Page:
How can my household be part of a Virtual Power Plant?
You may be able to join a VPP with a DER you already own! If you own an EV, smart thermostat, or battery you are already helping the grid, saving money, and saving energy. You can contact your local utility to learn whether there is a demand response program you could join. If you purchase your energy from an energy retailer you can contact them to learn if they have a VPP you could join.
Smart EV charging apps
Smart EV charging apps are acting like VPPs today! If you drive an EV, and have a charging app, you can check to see if there is smart charging. If so, be sure to enable smart charging. You will then be part of a VPP!
Many utilities are beginning to develop VPP software and aggregator DERs to participate in demand response. Reach out to your local utility to see if they have a demand response program and if they are building VPP software!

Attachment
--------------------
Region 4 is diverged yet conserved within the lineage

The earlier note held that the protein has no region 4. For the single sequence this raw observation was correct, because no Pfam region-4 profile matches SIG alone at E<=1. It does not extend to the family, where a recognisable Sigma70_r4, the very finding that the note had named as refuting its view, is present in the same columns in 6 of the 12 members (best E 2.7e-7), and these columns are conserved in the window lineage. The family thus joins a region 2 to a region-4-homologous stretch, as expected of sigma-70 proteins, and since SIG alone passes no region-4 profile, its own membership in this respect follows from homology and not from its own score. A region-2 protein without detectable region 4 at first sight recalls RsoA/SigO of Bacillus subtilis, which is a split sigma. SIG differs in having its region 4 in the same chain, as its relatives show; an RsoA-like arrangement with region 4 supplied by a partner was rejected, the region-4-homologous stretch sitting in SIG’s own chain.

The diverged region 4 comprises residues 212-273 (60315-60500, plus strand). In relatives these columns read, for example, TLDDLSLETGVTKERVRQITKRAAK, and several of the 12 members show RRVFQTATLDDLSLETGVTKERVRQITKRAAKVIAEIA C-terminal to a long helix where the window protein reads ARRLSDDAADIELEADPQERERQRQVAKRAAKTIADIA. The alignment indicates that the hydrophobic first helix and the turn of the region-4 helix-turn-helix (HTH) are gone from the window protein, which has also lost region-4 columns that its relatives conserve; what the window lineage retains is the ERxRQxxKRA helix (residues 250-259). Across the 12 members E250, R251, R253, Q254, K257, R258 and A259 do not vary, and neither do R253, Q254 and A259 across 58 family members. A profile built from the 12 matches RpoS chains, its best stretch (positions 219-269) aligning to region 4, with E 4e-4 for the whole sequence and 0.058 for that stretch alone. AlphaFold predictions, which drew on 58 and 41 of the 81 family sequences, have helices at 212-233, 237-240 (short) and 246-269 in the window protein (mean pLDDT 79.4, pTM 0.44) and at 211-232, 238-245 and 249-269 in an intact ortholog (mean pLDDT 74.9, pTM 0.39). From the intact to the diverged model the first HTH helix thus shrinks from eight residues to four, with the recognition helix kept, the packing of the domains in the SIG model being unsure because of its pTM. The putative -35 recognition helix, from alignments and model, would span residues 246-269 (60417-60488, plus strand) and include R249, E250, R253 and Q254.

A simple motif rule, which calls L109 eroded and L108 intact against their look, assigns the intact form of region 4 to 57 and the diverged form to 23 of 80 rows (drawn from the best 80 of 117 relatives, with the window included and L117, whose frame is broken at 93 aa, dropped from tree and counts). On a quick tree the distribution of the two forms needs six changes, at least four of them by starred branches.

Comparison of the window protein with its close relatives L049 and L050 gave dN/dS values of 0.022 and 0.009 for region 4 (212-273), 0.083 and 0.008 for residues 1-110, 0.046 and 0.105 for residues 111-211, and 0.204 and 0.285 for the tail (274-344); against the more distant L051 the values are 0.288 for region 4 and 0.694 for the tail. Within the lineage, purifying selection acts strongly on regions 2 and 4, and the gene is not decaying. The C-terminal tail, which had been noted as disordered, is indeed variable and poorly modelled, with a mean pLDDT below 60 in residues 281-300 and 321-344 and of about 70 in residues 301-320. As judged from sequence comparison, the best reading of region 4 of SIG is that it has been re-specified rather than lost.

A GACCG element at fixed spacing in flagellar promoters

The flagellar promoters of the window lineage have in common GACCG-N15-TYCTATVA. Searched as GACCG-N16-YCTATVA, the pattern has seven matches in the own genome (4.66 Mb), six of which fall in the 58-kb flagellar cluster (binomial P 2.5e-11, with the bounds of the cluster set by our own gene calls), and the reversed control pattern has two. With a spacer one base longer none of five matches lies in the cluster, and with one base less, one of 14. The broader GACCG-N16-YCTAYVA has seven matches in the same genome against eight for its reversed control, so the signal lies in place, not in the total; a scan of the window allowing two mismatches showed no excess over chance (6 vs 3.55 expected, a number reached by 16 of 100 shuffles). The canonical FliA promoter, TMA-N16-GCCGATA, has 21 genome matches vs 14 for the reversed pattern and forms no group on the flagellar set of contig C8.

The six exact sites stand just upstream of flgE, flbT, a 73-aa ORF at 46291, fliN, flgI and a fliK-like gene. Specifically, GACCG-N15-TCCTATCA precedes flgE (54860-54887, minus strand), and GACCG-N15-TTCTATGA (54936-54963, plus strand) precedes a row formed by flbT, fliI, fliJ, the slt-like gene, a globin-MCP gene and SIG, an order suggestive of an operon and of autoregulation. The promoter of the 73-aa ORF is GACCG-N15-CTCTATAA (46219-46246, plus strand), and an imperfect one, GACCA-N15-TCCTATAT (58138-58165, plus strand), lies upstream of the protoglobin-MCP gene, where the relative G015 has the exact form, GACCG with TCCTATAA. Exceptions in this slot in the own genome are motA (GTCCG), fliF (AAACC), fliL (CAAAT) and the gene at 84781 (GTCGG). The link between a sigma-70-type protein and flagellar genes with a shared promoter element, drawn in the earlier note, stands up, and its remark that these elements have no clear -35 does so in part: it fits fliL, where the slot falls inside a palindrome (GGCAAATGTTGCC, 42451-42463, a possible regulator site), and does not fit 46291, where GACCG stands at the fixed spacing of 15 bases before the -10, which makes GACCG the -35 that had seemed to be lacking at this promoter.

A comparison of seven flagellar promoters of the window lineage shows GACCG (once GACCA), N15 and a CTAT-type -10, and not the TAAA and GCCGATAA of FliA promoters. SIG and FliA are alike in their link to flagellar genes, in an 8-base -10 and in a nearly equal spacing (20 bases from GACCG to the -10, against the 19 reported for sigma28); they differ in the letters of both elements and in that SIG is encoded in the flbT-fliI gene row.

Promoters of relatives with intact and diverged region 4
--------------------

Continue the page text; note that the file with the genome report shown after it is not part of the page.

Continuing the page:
How can I learn more about Virtual Power Plants (VPPs)?
To learn more about Virtual Power Plant (VPP) we recommend talking to other experts in the industry. Many of the companies mentioned in this article will be able to add even more context as you go further down the rabbit hole.
If you want to learn more about VPP and the opportunities in the space, here are some additional resources:
- A full guide to Virtual Power Plant software
- A full guide to demand response software, a logical next step from VPPs
- This The Verge video on virtual power plants in cities.